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  • Writer's pictureCrone

Meeting Loki

I appear to have been very, very serious about this encounter.

This is a scary face. My colleagues at work burst out laughing when they saw it. One said, "I have NEVER seen that face at work!" Either I am always happy at work (a good thing) or never serious (hmmmm....)


Anyway, I look scared or negative, but I was looking intently, attending, observing. I think my gaze was too demanding as he wouldn't stay with me long.

It turns out that Loki was rescued from a person who didn't know how to look after a raven and had basically shut him in a cupboard. He was a few months old and it has taken time for him to regain trust in humans. Apparently, you don't need a license or anything to own a raven. In fact, you might be able to buy ravens on the internet. [Tempted? - Ed.] [Yes, but the cats talked me out of it. - Crone]


The falconer said that while the birds of prey are happy (allegedly) to have their exercise and then just chill in their aviaries, ravens are not. They start getting destructive. So staff have to visit them repeatedly and play with them, give them toys, talk to them. What a hardship.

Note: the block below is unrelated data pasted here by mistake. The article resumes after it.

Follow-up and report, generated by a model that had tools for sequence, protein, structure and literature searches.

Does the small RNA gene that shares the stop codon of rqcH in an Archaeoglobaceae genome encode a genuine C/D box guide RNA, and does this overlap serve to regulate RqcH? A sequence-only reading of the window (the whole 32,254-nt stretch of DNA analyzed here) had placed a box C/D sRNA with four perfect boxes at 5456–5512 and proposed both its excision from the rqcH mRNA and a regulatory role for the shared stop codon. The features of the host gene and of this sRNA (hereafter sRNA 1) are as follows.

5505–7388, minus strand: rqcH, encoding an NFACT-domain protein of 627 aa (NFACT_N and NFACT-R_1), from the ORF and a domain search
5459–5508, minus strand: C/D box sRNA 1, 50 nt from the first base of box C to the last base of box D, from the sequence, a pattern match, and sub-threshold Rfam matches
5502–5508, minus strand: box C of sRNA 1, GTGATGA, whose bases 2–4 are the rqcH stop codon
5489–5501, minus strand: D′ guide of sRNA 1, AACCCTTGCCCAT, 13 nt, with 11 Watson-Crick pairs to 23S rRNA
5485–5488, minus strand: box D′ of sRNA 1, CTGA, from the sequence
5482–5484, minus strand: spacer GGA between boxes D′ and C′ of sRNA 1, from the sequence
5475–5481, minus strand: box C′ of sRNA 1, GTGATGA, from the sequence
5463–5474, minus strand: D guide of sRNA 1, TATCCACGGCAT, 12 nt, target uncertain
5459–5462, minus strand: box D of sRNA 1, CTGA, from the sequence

I was quite taken by the young raven Nox, who made the gluck noises that I used to share with CD.

And also with a peregrine x gyr falcon called Storm.


While I was there, I caught a falconry display. Saw a Harris's hawk fly into a tree and eventually agree to come down and an eagle owl do his bit.

They said that owls are really not very bright. So much for the wise as an owl idea, then. So much for Athena and Minerva. That is based on whether or not you can hunt with owls (you can't). Is that an accurate index of intelligence?


The place also had some macaws, whom I did not like seeing in aviaries. Maybe they were brought in from bad pet homes? Also meerkats, lemurs and maras.

There is something so odd about caged creatures. By odd, I mean tragic. But how much more tragic the animals starving and homeless in destroyed habitats? The charcoal koalas in Australia and the culled badgers in Northamptonshire? It's all too horrible.


Anyway, I was glad to have met a raven. The most touching thing was at the end when the falconer fed Loki and he called like a young bird. His voice! All excitement and begging and delight.


I went home and saw Son of Bob. Almost didn't recognise him as he looks like a proper robin now. He did his own individual bobs and jumps and I knew who he was. Then he looked at me and did his tiny "under his breath" singing. His voice! How wonderful to hear the pleasure of a free bird.


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maplekey4
14 ago 2023

Enjoyed seeing the photos of you and Loki. That video's good. Certainly a reminder of a raven's large size. And that's neat that Son of Bob is still doing his "soft & quiet" singing.

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